Thursday, July 31, 2008

At It Again

Sen. Collins' failure to police costly, corrupt and deadly military procurement practices while chair of the Homeland Security Committee will go down in history as one of our government's seminal Iraq war failures.

But the junior senator seems not to have learned her lesson.

This week, the Homeland Security Committee considered the nomination of Jim Williams to head the General Services Administration--the federal government agency that spends $16 billion a year managing, maintaining and supplying 8,300 federal buildings.

Like so many other Bush administration appointments, the Williams nomination raised red flags from the beginning: As a GSA officer, Williams had been involved in granting a suspect, controversial contract to Sun Microsystems.

Specifically, an investigation by Sen. Chuck Grassley (R-IA) found that:

Williams pressured a GSA contracting officer to approve [the] Sun contract, even though [he] knew GSA's inspector general had detected alleged fraud and had referred the matter to the Justice Department.

"As FAS commissioner, he was the top GSA official responsible for making the tough calls, and he chose not to protect the taxpayers," Grassley said. "He made the wrong choice. He is now accountable for that decision." Because of that choice, Grassley said, Williams should not be GSA administrator.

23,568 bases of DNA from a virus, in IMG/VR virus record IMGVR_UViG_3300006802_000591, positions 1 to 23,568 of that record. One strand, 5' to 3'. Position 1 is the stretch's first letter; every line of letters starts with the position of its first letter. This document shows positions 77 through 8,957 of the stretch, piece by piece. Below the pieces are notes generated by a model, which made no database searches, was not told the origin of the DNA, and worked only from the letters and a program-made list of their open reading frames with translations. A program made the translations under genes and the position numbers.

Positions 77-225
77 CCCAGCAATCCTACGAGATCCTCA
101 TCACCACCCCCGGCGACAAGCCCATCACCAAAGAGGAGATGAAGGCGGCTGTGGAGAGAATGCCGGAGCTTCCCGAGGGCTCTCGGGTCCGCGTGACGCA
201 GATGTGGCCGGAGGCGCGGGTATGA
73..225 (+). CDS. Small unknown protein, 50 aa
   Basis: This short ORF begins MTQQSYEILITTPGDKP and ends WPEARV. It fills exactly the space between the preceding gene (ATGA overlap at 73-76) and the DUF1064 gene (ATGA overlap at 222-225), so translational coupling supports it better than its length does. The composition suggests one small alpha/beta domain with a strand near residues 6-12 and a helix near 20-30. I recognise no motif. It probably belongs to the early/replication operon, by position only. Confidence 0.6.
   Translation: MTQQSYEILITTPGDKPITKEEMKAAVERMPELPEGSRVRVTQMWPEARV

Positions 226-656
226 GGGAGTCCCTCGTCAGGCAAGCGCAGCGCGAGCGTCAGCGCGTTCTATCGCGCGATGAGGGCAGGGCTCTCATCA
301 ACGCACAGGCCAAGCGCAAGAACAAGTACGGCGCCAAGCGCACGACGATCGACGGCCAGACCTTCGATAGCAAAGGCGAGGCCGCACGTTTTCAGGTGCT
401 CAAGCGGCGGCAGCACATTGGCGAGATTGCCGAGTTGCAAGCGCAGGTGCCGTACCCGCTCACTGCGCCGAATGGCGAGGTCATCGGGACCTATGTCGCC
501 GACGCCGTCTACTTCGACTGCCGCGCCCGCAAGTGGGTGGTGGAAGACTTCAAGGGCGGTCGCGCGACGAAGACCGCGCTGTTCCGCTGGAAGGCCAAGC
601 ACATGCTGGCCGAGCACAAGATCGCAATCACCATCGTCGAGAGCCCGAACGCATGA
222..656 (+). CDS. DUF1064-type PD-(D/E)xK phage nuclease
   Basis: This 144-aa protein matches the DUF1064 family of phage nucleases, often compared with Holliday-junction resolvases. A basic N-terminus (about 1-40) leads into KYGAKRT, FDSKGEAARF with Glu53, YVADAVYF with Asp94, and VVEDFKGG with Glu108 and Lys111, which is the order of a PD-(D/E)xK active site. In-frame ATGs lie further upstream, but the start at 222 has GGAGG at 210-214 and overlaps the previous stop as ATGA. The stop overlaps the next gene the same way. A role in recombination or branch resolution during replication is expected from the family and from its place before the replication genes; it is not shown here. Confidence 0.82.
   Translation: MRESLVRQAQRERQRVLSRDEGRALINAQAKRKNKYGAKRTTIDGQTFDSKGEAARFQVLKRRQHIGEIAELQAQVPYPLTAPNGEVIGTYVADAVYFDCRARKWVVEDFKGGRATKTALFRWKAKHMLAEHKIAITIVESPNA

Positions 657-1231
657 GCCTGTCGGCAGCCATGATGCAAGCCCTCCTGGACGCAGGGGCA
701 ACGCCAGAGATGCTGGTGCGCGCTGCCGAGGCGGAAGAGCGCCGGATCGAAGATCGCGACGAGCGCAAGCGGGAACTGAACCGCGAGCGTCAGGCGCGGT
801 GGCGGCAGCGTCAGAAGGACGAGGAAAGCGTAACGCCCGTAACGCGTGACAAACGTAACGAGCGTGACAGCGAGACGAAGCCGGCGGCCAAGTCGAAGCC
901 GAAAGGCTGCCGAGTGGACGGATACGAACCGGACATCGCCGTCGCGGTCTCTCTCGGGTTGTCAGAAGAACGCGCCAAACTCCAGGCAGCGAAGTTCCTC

In fact, the Justice Department later sued Sun Microsystems for fraud.

But earlier this week, Collins placed a committee vote in favor of Williams' nomination. Here she is explaining her take on his role in the Sun contract:

“I don’t know if his actions were perfect in retrospect, but I am convinced that his motivations were always in the best interest of the taxpayers” Collins said.
So Williams has good intentions. Glad that's all that matters when it comes to executive-level government service.

Look: Susan Collins knows better.

But apparently, being a team player is more important to her than learning the lessons of the past; the rewards that come from not ruffling any feathers trump her interest in fiscal discipline and good government.

It's an unfortunate story, but an interesting one. And one that deserves to be told.

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